Remarkably, these critics did not stop to reflect on the fact that scholarly monographs have never sold very well and were kept alive only by the indirect subsidies thanks to which university libraries were able to purchase large numbers of new books. Since new monographs were no longer subsidized by academic library purchases, the MLA argued, it only made sense to support the production of monographs some other way -- particularly since many of the least “popular” monographs are produced not in the fields of queer theory and cultural studies but in medieval studies and foreign languages, fields whose precarious place in the system of academic publishing can hardly be blamed on their trendiness.
Likewise, many departments balked at the idea of “lowering” their tenure standards by relying on modes of scholarly production other than monographs -- things like journal essays, scholarly editions, translations, and online publications. Any move away from the monograph, these critics argued, would necessarily involve a decline in scholarly quality. This argument, it seems, is quite common among professors in the modern languages. It is also quite strange. Less than 30 years ago, the monograph was generally not part of the tenure-and-promotion apparatus: The book-for-tenure criterion is a recent blip in our history. And most academic disciplines, from sociology to linguistics to anthropology to philosophy, do not require books for tenure; yet tenure committees in those disciplines somehow remain capable of distinguishing excellent from mediocre scholarship.
The anecdotal information was piling up, and so were the critiques and countercritiques. The MLA wanted to figure out what was really happening, so the Executive Council created a Task Force on Evaluating Scholarship for Tenure and Promotion in 2004. We spent two years sifting through evidence, statistical and anecdotal; we commissioned a unprecedented study of the tenuring practices of 1,339 departments in 734 different institutions over the past 10 years; we read studies and reports on tenure and the production of scholarship over the past 40 or 50 years; and almost to our own amazement, we completed our report on schedule earlier this year.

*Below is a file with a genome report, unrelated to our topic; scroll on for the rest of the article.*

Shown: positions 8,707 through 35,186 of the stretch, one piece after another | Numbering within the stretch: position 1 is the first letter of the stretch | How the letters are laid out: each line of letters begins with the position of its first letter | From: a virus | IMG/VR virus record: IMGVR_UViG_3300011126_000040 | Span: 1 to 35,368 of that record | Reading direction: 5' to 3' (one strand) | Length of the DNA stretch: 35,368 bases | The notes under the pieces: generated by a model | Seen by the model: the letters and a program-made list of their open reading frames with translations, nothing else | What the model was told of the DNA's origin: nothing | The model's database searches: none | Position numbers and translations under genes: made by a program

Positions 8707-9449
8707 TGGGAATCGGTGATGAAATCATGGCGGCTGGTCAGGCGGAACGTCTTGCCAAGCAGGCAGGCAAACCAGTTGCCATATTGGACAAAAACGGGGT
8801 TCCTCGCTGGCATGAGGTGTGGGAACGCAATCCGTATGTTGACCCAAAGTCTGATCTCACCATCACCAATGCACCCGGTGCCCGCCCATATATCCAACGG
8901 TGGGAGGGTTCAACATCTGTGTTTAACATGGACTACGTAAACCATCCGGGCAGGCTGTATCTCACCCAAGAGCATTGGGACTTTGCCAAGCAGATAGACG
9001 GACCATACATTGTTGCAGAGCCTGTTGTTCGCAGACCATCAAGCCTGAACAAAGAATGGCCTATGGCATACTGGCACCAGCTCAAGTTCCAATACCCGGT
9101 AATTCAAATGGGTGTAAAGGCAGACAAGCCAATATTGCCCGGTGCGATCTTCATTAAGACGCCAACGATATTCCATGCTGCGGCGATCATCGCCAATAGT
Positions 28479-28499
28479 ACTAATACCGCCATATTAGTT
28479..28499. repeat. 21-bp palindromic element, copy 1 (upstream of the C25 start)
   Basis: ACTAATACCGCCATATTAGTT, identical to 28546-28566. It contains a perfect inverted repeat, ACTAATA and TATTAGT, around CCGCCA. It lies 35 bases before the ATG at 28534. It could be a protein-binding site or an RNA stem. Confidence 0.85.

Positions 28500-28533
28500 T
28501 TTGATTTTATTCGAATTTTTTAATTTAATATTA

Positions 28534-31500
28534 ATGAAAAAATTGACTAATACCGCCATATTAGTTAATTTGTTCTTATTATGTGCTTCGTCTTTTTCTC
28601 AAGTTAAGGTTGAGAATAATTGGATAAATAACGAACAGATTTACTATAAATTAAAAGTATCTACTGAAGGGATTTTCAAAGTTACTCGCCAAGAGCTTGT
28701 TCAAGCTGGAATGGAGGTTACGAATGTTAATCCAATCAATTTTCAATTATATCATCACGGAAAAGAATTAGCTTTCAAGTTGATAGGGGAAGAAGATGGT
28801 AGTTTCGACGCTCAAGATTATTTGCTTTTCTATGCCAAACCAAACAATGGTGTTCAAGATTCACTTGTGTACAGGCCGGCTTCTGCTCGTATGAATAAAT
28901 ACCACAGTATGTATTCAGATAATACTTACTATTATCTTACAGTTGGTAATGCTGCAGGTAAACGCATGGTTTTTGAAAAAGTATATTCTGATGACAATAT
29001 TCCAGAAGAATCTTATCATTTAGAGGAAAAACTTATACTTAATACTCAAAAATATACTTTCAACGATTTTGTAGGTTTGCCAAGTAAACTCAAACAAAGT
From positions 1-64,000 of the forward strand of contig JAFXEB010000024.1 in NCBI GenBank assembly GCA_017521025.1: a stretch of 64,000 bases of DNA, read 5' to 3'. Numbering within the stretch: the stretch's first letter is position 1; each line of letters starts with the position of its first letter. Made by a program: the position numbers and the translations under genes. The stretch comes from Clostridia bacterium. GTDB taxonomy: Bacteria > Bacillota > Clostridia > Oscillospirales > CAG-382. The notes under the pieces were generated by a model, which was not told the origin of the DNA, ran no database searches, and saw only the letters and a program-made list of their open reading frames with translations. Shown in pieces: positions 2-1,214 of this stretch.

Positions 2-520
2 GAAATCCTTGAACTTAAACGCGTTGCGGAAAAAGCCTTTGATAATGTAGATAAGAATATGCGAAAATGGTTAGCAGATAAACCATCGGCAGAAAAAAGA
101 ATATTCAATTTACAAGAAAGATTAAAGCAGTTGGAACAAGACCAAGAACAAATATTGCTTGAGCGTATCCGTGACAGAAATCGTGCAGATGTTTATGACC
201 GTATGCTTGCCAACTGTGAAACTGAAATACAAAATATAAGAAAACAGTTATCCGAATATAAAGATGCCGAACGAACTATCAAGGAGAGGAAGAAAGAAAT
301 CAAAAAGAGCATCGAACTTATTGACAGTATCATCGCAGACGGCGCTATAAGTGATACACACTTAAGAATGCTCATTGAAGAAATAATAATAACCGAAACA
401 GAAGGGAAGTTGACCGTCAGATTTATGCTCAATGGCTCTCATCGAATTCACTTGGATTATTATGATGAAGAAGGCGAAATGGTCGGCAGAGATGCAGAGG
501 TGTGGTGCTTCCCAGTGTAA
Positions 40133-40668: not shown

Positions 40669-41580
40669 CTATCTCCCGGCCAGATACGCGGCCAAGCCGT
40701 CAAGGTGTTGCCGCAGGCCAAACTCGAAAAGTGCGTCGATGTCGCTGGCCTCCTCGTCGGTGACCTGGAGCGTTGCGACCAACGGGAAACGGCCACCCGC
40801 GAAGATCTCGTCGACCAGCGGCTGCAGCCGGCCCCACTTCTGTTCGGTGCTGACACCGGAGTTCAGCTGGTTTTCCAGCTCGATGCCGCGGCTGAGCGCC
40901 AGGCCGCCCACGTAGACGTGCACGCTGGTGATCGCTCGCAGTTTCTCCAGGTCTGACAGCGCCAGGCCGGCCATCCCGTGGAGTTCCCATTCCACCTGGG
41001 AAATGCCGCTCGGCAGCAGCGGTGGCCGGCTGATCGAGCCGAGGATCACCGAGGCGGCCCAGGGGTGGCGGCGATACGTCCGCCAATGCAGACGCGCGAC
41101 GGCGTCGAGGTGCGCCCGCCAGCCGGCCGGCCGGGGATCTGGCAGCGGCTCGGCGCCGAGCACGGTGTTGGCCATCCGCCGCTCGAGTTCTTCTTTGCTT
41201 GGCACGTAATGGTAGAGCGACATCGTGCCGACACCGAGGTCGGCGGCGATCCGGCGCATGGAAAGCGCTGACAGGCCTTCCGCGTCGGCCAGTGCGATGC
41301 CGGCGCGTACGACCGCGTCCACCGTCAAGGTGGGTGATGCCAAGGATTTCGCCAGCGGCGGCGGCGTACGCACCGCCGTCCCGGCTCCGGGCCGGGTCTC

The survey contains good news and bad news: The good news is that there is to date no “lost generation” of young scholars whose careers have been thwarted or blighted by the system of scholarly publishing. Tenure rates since 1994 have not changed appreciably, even as many institutions have demanded more published work for tenure and promotion. But there are other factors at work, long before the tenure review. MLA studies of Ph.D. placement show that no more than half, and often fewer, of any given year's Ph.D.’s are hired to tenure-track positions in the year they receive their degrees. Information is sketchy for career paths beyond the first year, but what information is available suggests that, on average, something on the order of 60 to 65 percent of all English and foreign language Ph.D.’s are hired to tenure-track positions within five years of receiving their doctorates and an estimated 38 percent are considered for tenure at the institution where they were hired. Of those 38 percent, 90 percent -- or 34 of every 100 doctoral recipients -- are awarded tenure. In other words, for a variety of reasons, many scholars simply drop off the tenure track long before they are reviewed for tenure and promotion; most of the people who stick it out do so in the belief that they have met the requirements. One might say that the tenure and promotion glass is 90 percent full -- or 66 percent empty, thanks to all the attrition along the way. But it seems clear that the people who are considered for tenure today have become so accomplished at meeting expectations that by the time they are reviewed, they are ready to clear almost any bar, no matter how high it is set. Thus, even as the system of scholarly publishing remains distressed, the scholars themselves seem to be finding ways to cope.